No. 23 Utah has positioned itself well for a run to the program's first-ever Pac-12 Championship Game appearance. By virtue of beating USC in a more-lopsided-than-it-looks 41-28 decision last week, and with head-to-head matchups against much of the South division still to come, Utah has a direct path to Santa Clara.
First in the Utes' way is a UCLA team riding a two-game and suddenly, somehow, alive for the divisional title. The Bruins scored their first home win under Chip Kelly last week, surviving a 31-30 contest against Arizona. UCLA now has back-to-back wins and sits tied in the loss column with Colorado, USC, and — yes — Utah.
Utah at UCLA
Kickoff: Friday, Oct. 26 at 10:30 p.m. ET
Spread: Utah -10
Three Things to Watch
1. Utah's talented rotation of pass catchers
Offensive coordinator Troy Taylor arrived at Utah from Eastern Washington, which boasted one of the most prolific passing attacks in the Football Championship Subdivision, year in and year out. The most noteworthy receiver to come out of Eastern Washington is current Los Angeles Ram Cooper Kupp, but the Eagles flourished with deep and diverse corps of pass catchers that transcended a single player.
Taylor's approach is now taking shape at Utah, particularly in the past three weeks. Quarterback Tyler Huntley has elevated his play to a new level, thanks in part to the variety of options he has to target. Britain Covey is Utah's No. 1 receiver, but the UCLA defense has much more facing it. Demari Simpkins, Samson Nacua and Jaylen Dixon have all contributed this season, and Solomon Enis got into the act last week with a 27-yard touchdown catch.
2. UCLA QB question?
Dorian Thompson-Robinson came out of last week's game due to injury, but Michigan transfer Wilton Speight performed well in his first appearance since Week 1. Thompson-Robinson's status for Friday night is somewhat uncertain; Chip Kelly told reporters on Tuesday he'd be able to play, but Speight has taken first-team practice reps for three days leading up to game day.
Utah head coach Kyle Whittingham said in his weekly press conference that both Speight and Thompson-Robinson bring unique abilities, and that the Utes "will prepare for both of them."
No matter if it's the traditional pocket passer Speight, or the more versatile Thompson-Robinson, the Utah defense must be prepared to stop the run. Whittingham noted that, "a Chip Kelly offense is traditionally a run-first offense." And UCLA's moving in that direction, too, behind running back Joshua Kelley.
3. Turnover battle
Turnovers can swing the direction of a game in an instant. Rice-Eccles Stadium's initial electricity last week waned when USC forced a fumble and returned it for a touchdown to open a 14-0 lead. But the Utes began to retake control in part on a Chase Hansen interception deep in Trojans territory, setting up a quick and easy Utah touchdown.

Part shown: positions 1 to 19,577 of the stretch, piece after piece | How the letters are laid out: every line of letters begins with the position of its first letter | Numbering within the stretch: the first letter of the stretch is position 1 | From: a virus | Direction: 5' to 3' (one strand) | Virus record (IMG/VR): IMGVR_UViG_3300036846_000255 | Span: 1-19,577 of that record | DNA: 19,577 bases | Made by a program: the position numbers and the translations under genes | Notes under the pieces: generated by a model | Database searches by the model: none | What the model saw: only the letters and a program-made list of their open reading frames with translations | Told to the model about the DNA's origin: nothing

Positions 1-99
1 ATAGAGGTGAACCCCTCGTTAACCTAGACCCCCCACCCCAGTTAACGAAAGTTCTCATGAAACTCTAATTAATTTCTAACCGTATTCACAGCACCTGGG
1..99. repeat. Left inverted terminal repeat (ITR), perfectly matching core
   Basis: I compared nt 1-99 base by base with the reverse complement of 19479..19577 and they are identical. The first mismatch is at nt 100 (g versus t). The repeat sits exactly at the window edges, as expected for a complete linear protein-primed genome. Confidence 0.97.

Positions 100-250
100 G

UCLA has been particularly reliant on turnover-creation during the last two weeks, building a plus-seven advantage in the wins over Cal and Arizona. Takeaways have come from interceptions — like the two Elijah Gates and Quinten Lake made last week, the first of their respective Bruins careers — and via fumbles, like the strip Darnay Holmes made to prevent an Arizona touchdown.
UCLA comes into Friday's game tied with Colorado for the Pac-12 lead in turnover margin (+6). In contrast, Utah's on the negative side of the season at minus-two. In a matchup like Friday's, some turnover success is critical for a big underdog to mount the upset. If Keisean Lucier-South can continue his recent havoc-wreaking, getting into the backfield to disrupt Huntley, the Bruins could have some chances for critical takeaways.
Despite the rocky start, UCLA's made noticeable strides in all three phases — and it's important to note that it's three, because Utah comes into the Rose Bowl with a reputation for having the Pac-12's best special teams. An interesting subplot to follow is the punting of Stefan Flintoft for UCLA and Mitch Wishnowsky for Utah, and how they aid their teams with a few flips of the field.
Punting aside, UCLA's shown improvement — but special teams may be the only area in which the Bruins stack up with the Utes. The sudden resurgence of the Utah offense appears to be no aberration, with the Utes ripping off 40-plus points in three consecutive games. The defense is as dangerous as ever, with Chase Hansen, Bradlee Anae and Jaylon Johnson all making plays.
Utah may not impose its will out of the gate; the trajectory of most of UCLA's five losses has been the Bruins hanging tough for the first half before running out of gas. The Utes should be able to pull away if it's close to move one step closer to the Pac-12 Championship Game.